Elephants in ERL are threatened due to multiple factors, including the loss of core forest habitat and essential lowland areas which provide food resources. Human development has displaced elephants and created conflict in agricultural areas, and caused deaths of elephants and people through road collisions. Even within forested areas elephants are subject to hunting and the risk of death or injury from traps and snares.
Image 1. Elephant signs observed via surveys or camera traps in the landscape. Elephants roam outside of forested areas, especially along the riparian and plantation areas in search of food. This unfortunately, very often leads to conflict with local and agricultural communities.
There is an urgent need to incorporate the requirements of elephants into landscape management because a published study has shown that every additional deliberate or accidental elephant death drives the small (likely <120 elephants) ERL population towards extinction.
WCS Malaysia is working at the landscape level to determine how elephants are using National Park areas, and the adjacent permanent reserved forest. In addition, we are also looking at better understanding their utilisation of plantations and agricultural areas between forest blocks with the aim of using science-based assessments in providing recommendations to reduce conflict incidences.
The other important part of our work is the collaboration with stakeholders at two levels: (1) Orang Asli [indigenous] villagers that commonly occupy areas which elephants use as corridors and who are experiencing crop damage and other disturbances; and (2) managers and workers in oil palm and rubber plantations which comprise the most extensive land-use in Johor and Pahang. Elephants may not distinguish between these plantations and natural forest, and consequently tend to use these areas as a part of their normal range and food supply.
Image 2. A herd of elephants caught by a camera trap.
Though we have yet to track elephant movement with satellite-tracking collars, we communicate directly with plantation managers and workers to monitor plantation boundaries, in order to determine how elephants use non-forest areas. This increases the quality of data we obtain and provides an opportunity to circulate information about elephants among those who regularly encounter them, and also share techniques on mitigation methods.
Orang Asli farmers have benefited from our training and supply of materials for installing siren fences. This technique allows the farmers to sleep at night when elephants are not in the vicinity and alerts them when elephants enter their fields. Several villages have now requested training in installing these early-warning fences for their crop-fields and villages. We have identified three Orang Asli farmers who are skilled at making these fences and are willing to act as instructors for the farmers who have requested assistance.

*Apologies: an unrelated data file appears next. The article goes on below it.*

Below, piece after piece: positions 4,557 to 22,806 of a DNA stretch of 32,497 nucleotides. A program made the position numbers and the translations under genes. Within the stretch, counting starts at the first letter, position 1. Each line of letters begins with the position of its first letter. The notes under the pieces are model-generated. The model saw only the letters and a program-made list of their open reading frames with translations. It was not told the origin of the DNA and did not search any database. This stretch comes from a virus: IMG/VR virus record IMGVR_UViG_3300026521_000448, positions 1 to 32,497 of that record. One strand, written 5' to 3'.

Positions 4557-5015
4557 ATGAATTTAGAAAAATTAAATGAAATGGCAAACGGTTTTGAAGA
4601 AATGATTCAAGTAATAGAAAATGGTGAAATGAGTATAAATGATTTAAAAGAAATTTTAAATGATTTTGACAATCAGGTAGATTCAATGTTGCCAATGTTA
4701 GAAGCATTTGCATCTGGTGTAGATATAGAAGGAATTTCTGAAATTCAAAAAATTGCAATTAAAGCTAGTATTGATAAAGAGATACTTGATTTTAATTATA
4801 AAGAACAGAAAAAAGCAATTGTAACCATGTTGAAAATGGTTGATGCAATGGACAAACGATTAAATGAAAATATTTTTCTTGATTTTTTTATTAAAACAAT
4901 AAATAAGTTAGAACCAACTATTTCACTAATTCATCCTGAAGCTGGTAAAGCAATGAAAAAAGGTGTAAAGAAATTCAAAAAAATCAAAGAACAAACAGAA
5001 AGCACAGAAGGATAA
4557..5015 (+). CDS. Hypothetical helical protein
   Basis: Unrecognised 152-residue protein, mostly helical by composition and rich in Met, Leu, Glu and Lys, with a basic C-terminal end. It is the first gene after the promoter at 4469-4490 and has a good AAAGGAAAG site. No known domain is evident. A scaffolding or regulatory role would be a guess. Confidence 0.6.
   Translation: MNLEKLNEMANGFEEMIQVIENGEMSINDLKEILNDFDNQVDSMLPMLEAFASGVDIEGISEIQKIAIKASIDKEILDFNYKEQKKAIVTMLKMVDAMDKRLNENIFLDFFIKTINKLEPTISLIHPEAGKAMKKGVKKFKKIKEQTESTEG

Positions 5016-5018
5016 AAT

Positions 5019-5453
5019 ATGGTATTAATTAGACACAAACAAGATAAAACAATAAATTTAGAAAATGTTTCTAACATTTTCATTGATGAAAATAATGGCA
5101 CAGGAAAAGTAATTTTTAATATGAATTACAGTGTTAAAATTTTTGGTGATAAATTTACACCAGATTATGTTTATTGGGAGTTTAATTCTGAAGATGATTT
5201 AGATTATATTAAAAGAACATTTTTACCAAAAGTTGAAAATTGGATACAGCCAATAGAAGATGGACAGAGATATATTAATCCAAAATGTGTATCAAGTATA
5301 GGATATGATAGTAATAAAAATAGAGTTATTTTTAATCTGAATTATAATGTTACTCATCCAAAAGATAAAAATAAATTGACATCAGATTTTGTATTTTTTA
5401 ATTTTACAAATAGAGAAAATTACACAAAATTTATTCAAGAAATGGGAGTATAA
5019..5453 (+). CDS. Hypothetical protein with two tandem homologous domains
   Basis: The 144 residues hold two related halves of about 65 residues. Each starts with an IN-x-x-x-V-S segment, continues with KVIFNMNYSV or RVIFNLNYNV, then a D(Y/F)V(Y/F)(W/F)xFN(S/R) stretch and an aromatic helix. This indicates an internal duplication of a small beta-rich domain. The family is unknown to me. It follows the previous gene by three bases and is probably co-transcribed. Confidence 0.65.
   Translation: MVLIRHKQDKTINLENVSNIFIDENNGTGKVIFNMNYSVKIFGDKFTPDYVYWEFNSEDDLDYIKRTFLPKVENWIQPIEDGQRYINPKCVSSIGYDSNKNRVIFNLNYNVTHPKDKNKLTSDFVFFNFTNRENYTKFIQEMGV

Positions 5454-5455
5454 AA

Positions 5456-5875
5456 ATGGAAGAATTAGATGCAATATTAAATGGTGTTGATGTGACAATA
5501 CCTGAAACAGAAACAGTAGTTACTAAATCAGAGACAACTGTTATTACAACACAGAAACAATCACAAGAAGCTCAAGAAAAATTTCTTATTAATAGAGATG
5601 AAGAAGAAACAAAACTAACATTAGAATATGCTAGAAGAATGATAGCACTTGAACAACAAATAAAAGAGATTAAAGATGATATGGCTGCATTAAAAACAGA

Where are the elephants?
Elephants utilise almost all of the ERL forested area, but are also widespread across the human-dominated landscape. The reason for this is that an elephant’s huge need for food (up to 200kg per day) is typically satisfied by foraging at forest edges and at river margins in lowland areas. These areas have long been converted into plantations and other agriculture, but the elephants continue to roam there. WCS field teams have found evidence of elephants mostly along forest–plantation boundaries and riverine areas bordering plantations. When crop-raiding, elephants typically do not travel further than 1–3km from the forest edge (their ‘safe space’), but in the plantations of the Sembrong River area elephants are found >7km from the forest edge - we believe they are either residing in small forest remnants within the area, or travelling from the southern part of the ERL to the northern part, along rivers and through plantations. A long-term solution which allows elephant passage, with reduced conflict, is needed for the Sembrong River area and also between the ERL and the Gunung Arong permanent reserved forest.
Image 3. Plantation boundary inspection with plantation staff and workers.
The Covid-19 pandemic has presented a challenging situation over the past year, and has imposed limitations on how we work. Nevertheless, a significant threat to elephants and other wildlife, which has not declined during the government’s movement restrictions, is illegal hunting activities using traps, snares and firearms. To counter these threats, we continue to support the multi-agency patrolling under the Johor Wildlife Conservation Project and Operasi Bersepadu Khazanah (OBK), which has been successful in combating wildlife and forest crime. In ERL, since May 2019, 40 enforcement operations have resulted in the detection and removal of 165 snares and traps, and the arrest of at least 38 offenders by the authorities.
Image 4. Joint enforcement operations called 'Operasi Bersepadu Khazanah-OBK' involving the Department of Wildlife and National Parks (DWNP), Royal Police Malaysia (RMP), Forestry Department (FD), and Johor National Parks Corporation (JNPC).
Image 5. The OBK team searches and removes snares and traps in the forest.
This project is co-funded by IUCN Save Our Species. The contents of this article are the sole responsibility of Wildlife Conservation Society Malaysia and do not necessarily reflect the views of IUCN. Thank you to IUCN SOS for funding this project.